"How many men do you see?"
Dominique peered around the mess hall to do her count. "None."
"Exactly. I think this is just odd. Have you ever been anywhere that was just women?"
"Change room at the gym. Basketball court. I think I had an arts elective with absolutely no guys in it at all."
"I mean in the real world. University doesn't count. I had a women's study class with no men, too. But in cafeterias or hallways or places like that? It's just odd here, you know?"
Dominique nodded. "Yeah. No one making sleazy pick up lines or looking at my ass or chest. I think I like it."
"Sure, now. How long do you think you'll last before you miss anything like that?"
"Renée, look at me. I'm taller than most people, men and women. My rack is eye level for most of the guys I know. I need to sit down just so people don't strain themselves looking me in the eye. Here? I'm looking forward to being accepted as me, not the tall girl who is slightly intimidating."
Renée nodded. "Okay, I hadn't thought of that. But, I do like being looked at, especially when I'm out dancing. I like having fun with guys, you know? Here, well, who do I dress up for?"
"Yourself, maybe? Though I have no idea how miniskirts will fare in the moon's gravity. Dancing could get interesting."
"I suppose." A note of dejection underlay Renée's tone. "I hope that all of our needs have been considered."
"I'm sure they have. Just leave a stocking on the door if you need some 'personal' time in our bunk."
"Oh, God, I hadn't thought of that." Renée's eyes widened. "We have no privacy. God, what if Tori doesn't care and just goes ahead?"
"Ew. Don't even go there. At least she's over Kincaid and not me."
Renée laughed. "Okay, but ever have four women in the same room?"
"I was in the Girl Guides. It happened. It was a mess. I believe the phrase 'cruel and unusual punishment' was created to describe the situation."
"I have a baby sister, three years younger than me. We had to share a bathroom. Mornings got epic. I don't want to think what it'll be like with the four of us every morning."
"Tell you what – I'll go workout and use the gym's shower room, if there is one. That should help." Dominque ran a hand through her blonde hair. "Maybe see if there's a hairdresser here, too. A haircut would make it easier and faster to manage."
"Oh, no, don't cut your hair for us."
Dominique took another sip of her coffee, then made a face. "I had it short while I worked on my Master's degree just to find more time to work on my thesis. It's no big deal, really."
Renée pushed her mug to the side. "But your hair looks so good on you. It'd be a shame."
A woman with a tray with plates of food walked over to the table, her sandy brown hair cut into a shaggy crewcut. "May I join you?" she asked with a Russian accent.
"Please." Renée pulled out a chair for the newcomer. "I'm Renée, this is Dom. We're the newbs."
The woman sat down. "Thanks. Canadian, da?"
"Yep," Dominique said. "Just got here half an hour ago. Still trying to get used to being here."
"Lieutenant Yulya Emelin, Russian Space Forces." Yulya dug into her meal.
Renée thought for a moment. "You're the women who survived."
Yulya gave Renée a flash of a smile. "Da."
"Sorry. I didn't mean to blurt it out like that."
"We had a very short briefing," Dominique explained. "We weren't told that you were going to be here."
Yulya stopped eating for a moment, holding her fork in midair above her plate. "I see."
"Do you mind if we ask you questions?" Renée asked.
"Yes, I mind."
"Oh." Taken aback, Renée picked up her coffee mug and sipped. "Dom, the sugar isn't working."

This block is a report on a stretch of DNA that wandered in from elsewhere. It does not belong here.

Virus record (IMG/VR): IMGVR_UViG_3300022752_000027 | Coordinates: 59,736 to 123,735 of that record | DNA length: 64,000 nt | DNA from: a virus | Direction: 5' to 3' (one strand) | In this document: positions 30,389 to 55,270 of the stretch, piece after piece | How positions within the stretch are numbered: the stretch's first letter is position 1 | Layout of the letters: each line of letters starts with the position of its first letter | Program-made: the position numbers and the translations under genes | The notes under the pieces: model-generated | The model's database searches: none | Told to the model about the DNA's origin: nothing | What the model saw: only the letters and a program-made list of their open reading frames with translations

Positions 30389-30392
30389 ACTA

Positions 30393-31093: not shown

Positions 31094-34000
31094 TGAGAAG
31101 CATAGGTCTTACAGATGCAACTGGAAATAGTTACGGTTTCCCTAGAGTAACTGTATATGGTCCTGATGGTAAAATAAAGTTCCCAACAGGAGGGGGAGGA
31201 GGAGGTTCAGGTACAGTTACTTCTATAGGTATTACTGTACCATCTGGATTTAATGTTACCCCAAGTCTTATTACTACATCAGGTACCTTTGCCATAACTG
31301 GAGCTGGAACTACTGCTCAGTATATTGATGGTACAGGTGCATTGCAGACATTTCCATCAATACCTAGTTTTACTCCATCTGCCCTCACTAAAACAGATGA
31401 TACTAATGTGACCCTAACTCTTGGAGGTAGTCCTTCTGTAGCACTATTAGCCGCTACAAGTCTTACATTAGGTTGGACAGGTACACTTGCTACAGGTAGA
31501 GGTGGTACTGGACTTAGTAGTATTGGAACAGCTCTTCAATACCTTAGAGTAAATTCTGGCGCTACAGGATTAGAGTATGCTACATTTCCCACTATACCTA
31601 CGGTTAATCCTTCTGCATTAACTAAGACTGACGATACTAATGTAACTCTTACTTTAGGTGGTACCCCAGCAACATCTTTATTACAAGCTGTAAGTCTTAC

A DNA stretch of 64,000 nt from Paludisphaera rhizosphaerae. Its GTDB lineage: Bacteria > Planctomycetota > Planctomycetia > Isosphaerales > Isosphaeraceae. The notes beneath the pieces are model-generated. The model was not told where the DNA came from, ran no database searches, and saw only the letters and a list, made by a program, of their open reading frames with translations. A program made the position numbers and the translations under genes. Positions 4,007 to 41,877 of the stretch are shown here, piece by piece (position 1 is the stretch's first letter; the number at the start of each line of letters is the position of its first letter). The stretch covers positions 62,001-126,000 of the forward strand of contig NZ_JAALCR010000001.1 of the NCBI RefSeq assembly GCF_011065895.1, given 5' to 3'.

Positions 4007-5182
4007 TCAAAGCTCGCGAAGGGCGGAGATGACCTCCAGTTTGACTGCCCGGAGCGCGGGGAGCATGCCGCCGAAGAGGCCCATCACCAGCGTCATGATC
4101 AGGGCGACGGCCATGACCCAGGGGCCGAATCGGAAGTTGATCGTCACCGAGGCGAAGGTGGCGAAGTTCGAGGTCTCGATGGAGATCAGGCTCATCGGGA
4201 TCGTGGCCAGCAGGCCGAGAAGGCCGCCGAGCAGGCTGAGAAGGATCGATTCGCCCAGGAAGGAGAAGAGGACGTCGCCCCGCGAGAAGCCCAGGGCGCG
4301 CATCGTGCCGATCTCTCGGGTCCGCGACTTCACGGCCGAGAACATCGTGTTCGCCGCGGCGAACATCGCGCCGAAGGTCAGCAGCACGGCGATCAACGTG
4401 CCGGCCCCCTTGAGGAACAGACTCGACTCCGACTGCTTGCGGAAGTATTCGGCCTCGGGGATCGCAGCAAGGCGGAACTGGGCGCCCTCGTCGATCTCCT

Yulya set down her fork. "I can, however, give you tips. First tip, don't drink the coffee. The water is better for you, and if you must have caffeine, drink the tea. Much healthier."
"You don't use as much sugar." Yulya cracked a genuine smile. "We have Japanese mechanics who arrange for their tea. Far better than the coffee that's sent."
Renée picked up her coffee mug and Dom's. "Sounds like a good idea. Want anything while I'm up?"
"A doughnut," Dom said.
"A napkin, please."
Renée walked over to the kitchenette and poured the coffee down the sink. She placed the mugs into a plastic basin, then found new cups and the stash of green tea. After she grabbed a napkin for the Russian and a pastry for Dominique, she returned to the table. "No doughnuts," she said as she sat down. "Maybe we can get Darcy to request a Tim Horton's up here."
Yulya raised an eyebrow. "Tim Horton's?"
"It's a doughnut shop back home," Dominique explained. "Like an American Starbuck's but cheaper and without the pretence."
"There's one on almost every corner," Renée added. "Decent enough. But, you have to go Montreal to get real crepes. Far better than the ones Tim's serves."
"Have you been to the crepes place in the Market in Ottawa?" Dominique challenged.
"Yes, and it doesn't compare."
"I hope your country sent up some of your cooking," Yulya said. "It is getting tiring rotating through just four nations worth of food, especially when some of those nations don't have proper food to begin with."
Renée sipped her tea. "I hope so, too. It'll be better than the freeze dried stuff we ate in training."
"Don't remind me," Dominique said. "No poutine, no beavertails, and what they did have tasted like it came from the university res cafeteria. It was just crap."
Yulya laughed. "They can't send up real food. Everything is powdered and remade here."
In a flat tone, Dominique said, "Three-D printed food, yum."
Renée looked over at Yulya's plate and the mashed potatoes on it. "That looks decent enough."
"Da, but I miss salads. Some of the other pilots are trying to start a garden, but nothing's ready yet. It took them weeks to get the soil sent up."
Renée sighed. "It's going to be a long mission here."
"I don't like authority."
"Beaver Flight, here are your power suits."
"Oh. My. God. Mecha!"